1

I'd like to access the security config as it's configured (by default) in security.yml, and in particular actually I need the route name or (even better) generated URL to login. When using FOS User (which I'm using right now) its called "fos_user_security_login" with "/login" URL. I need it to compare with an event's request's (requsted) URL on Kernel's listened events.

I could hardcode this setting check in my Kernel Listener class, like this:

public function onKernelResponse(\Symfony\Component\HttpKernel\Event\FilterResponseEvent $event)
{
    if ($originalResponse->headers->has('location')
        && $originalResponse->headers->get('location') === $router->generate('fos_user_security_login', array(), true))
    {
       //...
    }
}

But what if I changed this setting in future to some another one, e.g. to some "/user/login" path with my custom login handler? This is why I'd like to read the security setting for login.

How can I do this in Symfony?

  • Read this post: stackoverflow.com/questions/19831114/… – Frank B Oct 19 '15 at 15:43
  • The extra problem is it's not set explicitly in security.yml. The only sensible solution I'm thinking about is to double up config, and do something like having a new setting in parameters.yml: login_route: fos_user_security_login. But this means that when I replaced the login mechanism (abandoning FOS User Bundle), I will need to remember to change parameters.yml as well (it's just a better place to have this param set there, than to hardcode it directly in the listener class as shown above). Thx anyway. – forsberg Oct 19 '15 at 15:47
  • Yes i know what you mean. It would be better if you did not have to make an extra config parameter. But what could help is to make a comment in the yaml file. – Frank B Oct 19 '15 at 15:50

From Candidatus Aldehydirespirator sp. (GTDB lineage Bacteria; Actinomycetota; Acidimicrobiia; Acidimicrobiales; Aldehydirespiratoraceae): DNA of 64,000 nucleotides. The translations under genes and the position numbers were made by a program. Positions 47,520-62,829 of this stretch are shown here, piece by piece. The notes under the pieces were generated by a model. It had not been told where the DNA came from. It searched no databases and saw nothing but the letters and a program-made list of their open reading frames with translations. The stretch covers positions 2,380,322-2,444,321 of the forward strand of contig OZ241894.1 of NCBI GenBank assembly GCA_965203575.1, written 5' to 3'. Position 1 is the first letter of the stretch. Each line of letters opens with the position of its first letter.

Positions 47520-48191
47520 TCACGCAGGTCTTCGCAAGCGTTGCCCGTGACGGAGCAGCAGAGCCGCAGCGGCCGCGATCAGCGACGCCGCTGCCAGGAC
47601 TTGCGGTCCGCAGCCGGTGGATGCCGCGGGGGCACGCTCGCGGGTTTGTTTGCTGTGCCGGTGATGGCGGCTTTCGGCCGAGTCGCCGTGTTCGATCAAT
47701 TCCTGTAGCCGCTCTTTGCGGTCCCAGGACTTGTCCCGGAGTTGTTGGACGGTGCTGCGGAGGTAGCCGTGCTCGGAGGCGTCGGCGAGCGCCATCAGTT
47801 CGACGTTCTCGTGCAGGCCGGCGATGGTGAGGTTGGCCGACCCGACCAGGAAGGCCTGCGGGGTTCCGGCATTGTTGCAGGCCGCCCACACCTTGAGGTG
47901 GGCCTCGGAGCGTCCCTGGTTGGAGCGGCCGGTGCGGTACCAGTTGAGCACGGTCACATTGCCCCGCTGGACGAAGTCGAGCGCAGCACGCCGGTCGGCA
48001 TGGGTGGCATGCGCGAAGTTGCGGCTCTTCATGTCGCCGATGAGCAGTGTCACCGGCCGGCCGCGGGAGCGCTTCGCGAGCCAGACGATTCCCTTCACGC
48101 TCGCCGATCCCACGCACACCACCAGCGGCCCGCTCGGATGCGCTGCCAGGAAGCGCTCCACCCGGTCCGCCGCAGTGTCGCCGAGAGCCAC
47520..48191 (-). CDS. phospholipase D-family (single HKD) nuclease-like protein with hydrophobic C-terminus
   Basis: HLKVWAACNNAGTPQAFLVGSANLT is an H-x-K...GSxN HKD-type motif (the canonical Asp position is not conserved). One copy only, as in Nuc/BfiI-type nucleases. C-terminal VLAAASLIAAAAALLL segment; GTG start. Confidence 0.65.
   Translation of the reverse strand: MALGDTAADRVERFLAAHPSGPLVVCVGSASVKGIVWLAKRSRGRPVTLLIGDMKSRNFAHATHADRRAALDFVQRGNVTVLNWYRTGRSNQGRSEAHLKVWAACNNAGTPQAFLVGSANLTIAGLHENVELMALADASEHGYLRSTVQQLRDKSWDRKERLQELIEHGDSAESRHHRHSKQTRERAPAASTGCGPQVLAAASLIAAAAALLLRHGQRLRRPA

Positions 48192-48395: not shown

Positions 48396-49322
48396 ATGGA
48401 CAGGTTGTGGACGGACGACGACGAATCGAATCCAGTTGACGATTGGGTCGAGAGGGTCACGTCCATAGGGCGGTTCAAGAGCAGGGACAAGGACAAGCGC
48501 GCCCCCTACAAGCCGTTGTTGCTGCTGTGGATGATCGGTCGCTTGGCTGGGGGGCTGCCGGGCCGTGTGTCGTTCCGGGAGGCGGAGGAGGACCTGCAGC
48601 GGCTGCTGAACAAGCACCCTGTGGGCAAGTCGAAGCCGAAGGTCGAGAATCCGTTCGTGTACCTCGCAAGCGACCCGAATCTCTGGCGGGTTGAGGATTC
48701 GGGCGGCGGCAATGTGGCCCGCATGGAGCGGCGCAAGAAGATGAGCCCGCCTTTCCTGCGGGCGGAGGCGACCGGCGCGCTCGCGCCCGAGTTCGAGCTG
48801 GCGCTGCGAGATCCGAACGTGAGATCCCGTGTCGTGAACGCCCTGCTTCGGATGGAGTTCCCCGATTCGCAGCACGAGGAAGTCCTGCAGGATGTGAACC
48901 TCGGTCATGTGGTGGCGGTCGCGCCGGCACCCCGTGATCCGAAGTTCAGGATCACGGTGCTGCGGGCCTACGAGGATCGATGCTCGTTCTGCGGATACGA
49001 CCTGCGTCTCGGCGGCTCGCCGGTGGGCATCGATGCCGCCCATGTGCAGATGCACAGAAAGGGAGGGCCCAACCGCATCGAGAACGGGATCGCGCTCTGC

2

If I were you I would refrain from reading the security settings for this as you can have multiple firewalls with multiple logins and your listener would thus have to listen to all of these (which might not be what you want) or artificially restrict to hardcoded firewalls. Also this will tie your implementation to Symfony's security-component, which you should avoid.

An easily reusable approach would be, to add the URL or route name you want to check for as argument to your listener and pass it via Symfony's Service Container and then just compare request with that value:

class LoginListener
{
    /**
     * @var string
     */
    protected $loginUrl;


    /**
     * @param string $loginUrl
     */
    public function __construct($loginUrl)
    {
        // You can even fallback to default if you like:
        if (empty($loginUrl)) {
            $loginUrl = '/login';
        }
        $this->loginUrl = $loginUrl;
    }

    // [...] your comparison just against $this->loginUrl
}

You can then use your bundle's configuration to pass the right argument to that listener.

This way you can easily reuse it outside of Symfony e.g. in Silex without being tied to Symfony's Security-component. Also if you want to check against multiple urls, you can just make it an array and specify the different login urls, e.g. when you have multiple login-mechanisms.